We begin with four pieces from Copland's ballet Rodeo which includes some well known tunes. We then play the Rhapsody for Alto Saxophone by Debussy,...Full event information
Four pieces of music and seven poems from the English tradition of the first four decades of the 20th century – but this was no pastoral idyll.
Using poems to frame music with first war connections perhaps looked unpromising on paper but the SSO produced a very powerful show on Sunday afternoon. Bax’s ‘Tintagel’ (that opened the afternoon’s music) can sound a little like an uneasy mix of Debussy and Edwardiana, but the SSO’s version was different offering an edginess enhanced by the ‘war poems’ context. This was powerful, gritty – and emotionally involving; there were devastating seascapes and rocky outcrops in abundance!
Butterworth’s ‘Banks of Green Willow’ is often the light relief in an English concert – but here too the appropriately uniformed poetry readers gave the performance huge poignancy. Lovingly phrased pastoral sounds from woodwind and strings, very simply presented, made this almost hackneyed score fresh and alive; it’s good to have one’s ears re-opened.
Delius’ double concerto, written for the Harrison sisters, will have been new to many and may have surprised those used to the orchestral miniatures. This was a persuasive performance from Liubov Ulybysheva and Michal Cwizewicz. It never fell into being just another vehicle for soloistic virtuosity – that was thanks to both composer and performers. It came across to a well filled STAG as a thoughtfully prepared piece, well thought out by conductor,orchestra and soloists – balance, so often a problem with this sort of piece in this particular hall, was impeccable. The soloists were thoroughly and musically assured. I received an email during the week from an often highly critical friend [not an SSO regular] who’d come to hear the concerto. He’s been a long-time member of the Delius society and knew Margaret Harrison very well in her later years – I quote “I thought it a very good performance and the two soloists ‘got it’, as Margaret used to say (or NOT, as in the case of one of the commercial recordings I played her in the early 90s)”. That’s high praise from this particular gentleman.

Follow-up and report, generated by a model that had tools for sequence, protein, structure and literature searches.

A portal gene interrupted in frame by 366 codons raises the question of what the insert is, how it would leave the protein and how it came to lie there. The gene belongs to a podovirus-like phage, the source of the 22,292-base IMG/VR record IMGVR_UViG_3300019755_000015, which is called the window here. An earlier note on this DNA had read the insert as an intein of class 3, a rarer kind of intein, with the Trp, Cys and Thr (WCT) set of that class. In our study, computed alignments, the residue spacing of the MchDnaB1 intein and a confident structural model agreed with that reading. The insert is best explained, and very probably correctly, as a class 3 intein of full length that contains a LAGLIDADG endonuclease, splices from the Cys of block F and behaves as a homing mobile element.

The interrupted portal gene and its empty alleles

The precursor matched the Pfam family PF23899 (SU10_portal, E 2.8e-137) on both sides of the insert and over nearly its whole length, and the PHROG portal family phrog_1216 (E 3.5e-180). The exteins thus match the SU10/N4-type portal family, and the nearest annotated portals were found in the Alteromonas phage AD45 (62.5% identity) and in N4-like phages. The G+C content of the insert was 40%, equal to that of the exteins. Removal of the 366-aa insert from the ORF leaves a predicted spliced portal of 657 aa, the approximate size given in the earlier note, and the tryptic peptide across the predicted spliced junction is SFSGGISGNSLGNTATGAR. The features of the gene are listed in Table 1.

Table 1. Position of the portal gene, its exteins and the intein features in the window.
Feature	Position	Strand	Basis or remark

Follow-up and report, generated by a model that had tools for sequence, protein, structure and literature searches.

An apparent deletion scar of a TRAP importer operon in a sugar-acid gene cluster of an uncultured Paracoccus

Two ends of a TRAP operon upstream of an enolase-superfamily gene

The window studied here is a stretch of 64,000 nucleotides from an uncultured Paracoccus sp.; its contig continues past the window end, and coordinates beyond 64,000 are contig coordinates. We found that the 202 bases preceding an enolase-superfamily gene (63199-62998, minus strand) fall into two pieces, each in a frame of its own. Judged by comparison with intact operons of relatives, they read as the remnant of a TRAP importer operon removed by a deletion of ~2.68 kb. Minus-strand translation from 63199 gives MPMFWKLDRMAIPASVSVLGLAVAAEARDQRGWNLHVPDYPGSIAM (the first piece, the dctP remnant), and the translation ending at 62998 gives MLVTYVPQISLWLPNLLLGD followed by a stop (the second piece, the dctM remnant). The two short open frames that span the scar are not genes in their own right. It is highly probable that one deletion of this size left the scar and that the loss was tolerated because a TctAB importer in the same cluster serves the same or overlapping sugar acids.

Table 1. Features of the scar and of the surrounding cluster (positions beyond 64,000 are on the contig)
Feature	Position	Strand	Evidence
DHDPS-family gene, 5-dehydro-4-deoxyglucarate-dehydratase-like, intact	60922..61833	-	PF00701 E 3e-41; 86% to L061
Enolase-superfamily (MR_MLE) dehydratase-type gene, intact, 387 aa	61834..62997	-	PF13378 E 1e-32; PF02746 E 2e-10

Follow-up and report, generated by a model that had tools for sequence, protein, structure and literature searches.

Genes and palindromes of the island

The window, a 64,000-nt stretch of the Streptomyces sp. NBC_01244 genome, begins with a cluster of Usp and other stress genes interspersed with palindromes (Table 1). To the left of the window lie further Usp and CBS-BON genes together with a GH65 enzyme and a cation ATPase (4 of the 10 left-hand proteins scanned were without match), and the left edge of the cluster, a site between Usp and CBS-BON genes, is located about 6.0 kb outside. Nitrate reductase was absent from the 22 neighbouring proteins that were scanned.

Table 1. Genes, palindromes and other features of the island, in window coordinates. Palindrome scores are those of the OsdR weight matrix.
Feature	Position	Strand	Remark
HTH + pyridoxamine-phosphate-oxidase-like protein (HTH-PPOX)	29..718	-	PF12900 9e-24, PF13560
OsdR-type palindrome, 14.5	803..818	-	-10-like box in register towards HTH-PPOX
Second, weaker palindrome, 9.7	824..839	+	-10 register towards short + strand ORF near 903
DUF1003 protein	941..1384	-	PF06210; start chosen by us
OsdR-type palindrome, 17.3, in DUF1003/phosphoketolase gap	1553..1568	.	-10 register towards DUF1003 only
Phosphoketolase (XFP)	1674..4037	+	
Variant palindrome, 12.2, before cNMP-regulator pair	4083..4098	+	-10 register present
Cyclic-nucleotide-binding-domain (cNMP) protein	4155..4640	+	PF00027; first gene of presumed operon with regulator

Vaughan-Williams 6th is from a later war and is written to be continuous through four dark and sometimes menacing movements. This was great stuff from the SSO; - it’s a difficult score, with sections that seem more like Shostakovich than English Nationalism. Not all of the more technical moments were totally as scored – (nobody should sit in a concert with a score on their knees !) – but the power, horror, bleakness, despair and anger were all sweeping over us. I’ve never known a STAG sunday afternoon audience so still; ……….. and so awake.
I approached this concert with some misgivings, particularly with a great deal of “remembrance” in the media recently, but is amongst the most affecting shows I’ve witnessed from the SSO.